Spelling Finals Promise To Bee Exciting

Jun 1, 2017
Originally published on June 1, 2017 12:09 pm
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STEVE INSKEEP, HOST:

Got a question for you, Rachel.

RACHEL MARTIN, HOST:

OK.

INSKEEP: How do you spell tapas?

MARTIN: Tapas, like small plates of overpriced food?

INSKEEP: Tapas, yes, exactly.

MARTIN: T-A-P-A-S.

INSKEEP: That's exactly right.

MARTIN: Thank you.

INSKEEP: And you are right on track with Edith Fuller, who correctly spelled the word tapas yesterday at the National Spelling Bee. The finals start today. And here is another word that Edith was asked to spell yesterday.

(SOUNDBITE OF ARCHIVED RECORDING)

UNIDENTIFIED MAN: Nyctinasty.

MARTIN: What?

INSKEEP: Nyctinasty. Nyctinasty.

MARTIN: (Laughter) OK. Right.

INSKEEP: Let's check in with Edith Fuller again. You notice I didn't make you spell that one.

MARTIN: Thank you.

INSKEEP: This is a good time to tell you that Edith is 6, the youngest speller ever to make it this far. She and all good spellers know that there are some key questions to ask.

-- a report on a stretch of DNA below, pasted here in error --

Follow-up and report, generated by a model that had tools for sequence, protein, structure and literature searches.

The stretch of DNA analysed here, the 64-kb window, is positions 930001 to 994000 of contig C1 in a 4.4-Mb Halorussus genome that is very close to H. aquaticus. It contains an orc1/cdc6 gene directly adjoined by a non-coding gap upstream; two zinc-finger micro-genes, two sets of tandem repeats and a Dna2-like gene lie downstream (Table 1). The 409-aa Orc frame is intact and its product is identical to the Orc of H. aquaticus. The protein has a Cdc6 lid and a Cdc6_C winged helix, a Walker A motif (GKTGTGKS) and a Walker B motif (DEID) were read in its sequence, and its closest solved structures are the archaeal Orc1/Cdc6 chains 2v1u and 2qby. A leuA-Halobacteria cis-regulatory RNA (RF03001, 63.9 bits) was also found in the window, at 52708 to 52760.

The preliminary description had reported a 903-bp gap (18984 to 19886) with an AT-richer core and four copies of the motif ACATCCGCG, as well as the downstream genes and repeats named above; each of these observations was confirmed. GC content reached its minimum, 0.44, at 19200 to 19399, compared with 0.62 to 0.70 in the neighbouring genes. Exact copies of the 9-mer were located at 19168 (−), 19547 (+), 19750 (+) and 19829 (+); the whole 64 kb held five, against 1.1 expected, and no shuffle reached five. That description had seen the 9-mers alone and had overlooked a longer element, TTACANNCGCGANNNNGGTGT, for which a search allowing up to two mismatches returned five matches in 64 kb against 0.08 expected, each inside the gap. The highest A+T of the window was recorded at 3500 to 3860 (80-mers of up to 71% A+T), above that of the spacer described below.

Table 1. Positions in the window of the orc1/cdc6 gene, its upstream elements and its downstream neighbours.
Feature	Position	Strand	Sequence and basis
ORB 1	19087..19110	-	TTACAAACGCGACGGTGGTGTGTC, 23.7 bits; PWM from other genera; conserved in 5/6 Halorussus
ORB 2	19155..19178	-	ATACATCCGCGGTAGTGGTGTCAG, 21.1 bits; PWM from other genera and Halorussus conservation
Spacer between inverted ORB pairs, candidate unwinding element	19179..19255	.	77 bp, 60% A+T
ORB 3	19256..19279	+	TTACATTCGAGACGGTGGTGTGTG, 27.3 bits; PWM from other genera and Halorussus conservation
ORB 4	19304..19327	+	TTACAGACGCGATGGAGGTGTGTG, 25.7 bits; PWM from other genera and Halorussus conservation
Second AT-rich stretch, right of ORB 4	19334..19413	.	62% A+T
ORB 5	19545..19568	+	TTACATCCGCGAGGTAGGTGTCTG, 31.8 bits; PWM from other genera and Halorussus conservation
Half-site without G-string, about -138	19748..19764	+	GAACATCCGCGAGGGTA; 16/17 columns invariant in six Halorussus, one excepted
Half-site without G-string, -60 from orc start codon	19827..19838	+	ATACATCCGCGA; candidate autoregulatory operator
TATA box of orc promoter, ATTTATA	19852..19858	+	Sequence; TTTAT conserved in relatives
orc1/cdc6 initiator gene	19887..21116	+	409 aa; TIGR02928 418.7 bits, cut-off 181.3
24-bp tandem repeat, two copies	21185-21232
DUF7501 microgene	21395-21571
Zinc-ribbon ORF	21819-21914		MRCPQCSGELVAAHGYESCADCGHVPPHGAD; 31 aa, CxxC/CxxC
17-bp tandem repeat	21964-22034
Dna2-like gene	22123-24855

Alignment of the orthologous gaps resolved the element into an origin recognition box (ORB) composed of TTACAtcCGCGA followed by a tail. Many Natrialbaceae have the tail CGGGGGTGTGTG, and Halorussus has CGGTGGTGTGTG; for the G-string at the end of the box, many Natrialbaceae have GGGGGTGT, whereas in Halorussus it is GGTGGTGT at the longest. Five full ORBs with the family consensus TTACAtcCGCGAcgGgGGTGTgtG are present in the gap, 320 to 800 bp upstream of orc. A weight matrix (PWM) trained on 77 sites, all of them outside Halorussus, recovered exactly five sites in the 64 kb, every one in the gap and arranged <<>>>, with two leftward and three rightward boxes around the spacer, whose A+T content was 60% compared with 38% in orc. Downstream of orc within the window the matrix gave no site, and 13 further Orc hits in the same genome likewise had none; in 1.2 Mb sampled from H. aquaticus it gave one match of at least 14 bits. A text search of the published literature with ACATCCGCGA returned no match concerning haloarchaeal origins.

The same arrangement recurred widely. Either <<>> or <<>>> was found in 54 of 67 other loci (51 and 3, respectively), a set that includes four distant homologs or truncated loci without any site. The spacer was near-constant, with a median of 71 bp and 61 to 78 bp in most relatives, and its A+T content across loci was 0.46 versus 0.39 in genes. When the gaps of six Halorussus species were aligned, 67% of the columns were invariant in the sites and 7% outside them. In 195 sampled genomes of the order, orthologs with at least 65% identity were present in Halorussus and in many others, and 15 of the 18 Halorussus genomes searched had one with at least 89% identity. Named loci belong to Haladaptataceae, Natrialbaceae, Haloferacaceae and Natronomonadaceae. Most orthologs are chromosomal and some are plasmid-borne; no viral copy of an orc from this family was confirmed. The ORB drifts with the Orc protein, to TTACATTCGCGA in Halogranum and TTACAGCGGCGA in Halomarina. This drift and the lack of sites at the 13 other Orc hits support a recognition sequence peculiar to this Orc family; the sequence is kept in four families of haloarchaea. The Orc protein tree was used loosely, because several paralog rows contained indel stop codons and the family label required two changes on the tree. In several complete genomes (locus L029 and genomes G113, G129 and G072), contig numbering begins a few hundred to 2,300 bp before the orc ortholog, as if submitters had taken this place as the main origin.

(SOUNDBITE OF ARCHIVED RECORDING)

EDITH: Will you please give me the language of origin?

UNIDENTIFIED MAN: It's made up of Greek elements that were probably first combined in German.

EDITH: Nyctinasty. N-Y-C-T-I-N-A-S-T-Y. Nyctinasty.

UNIDENTIFIED WOMAN: Correct.

INSKEEP: Wow.

MARTIN: That's amazing.

INSKEEP: You know, the Greek elements, that would have...

MARTIN: I know. I love that she's like yes, now I get it.

INSKEEP: ...They're the clue that - oh, yes, of course, the Greek elements first combined in German. Nyctinasty sounds like a program on Nickelodeon - nyctinasty - or a particular form of nastiness - nyctinasty - but actually it's the movement of plants in response to the onset of darkness.

MARTIN: I like how much you're getting into this. So Edith is a home-schooler from Oklahoma. We're sad to report she will not be one of the 40 competitors in the finals today. She did great on stage, not well enough on the written test though.

INSKEEP: Edith Fuller has a long spelling career ahead of her, said at a press conference she helps to compete next year.

MARTIN: And, by the way, when she's not studying spelling, she makes time for hide-and-seek. Transcript provided by NPR, Copyright NPR.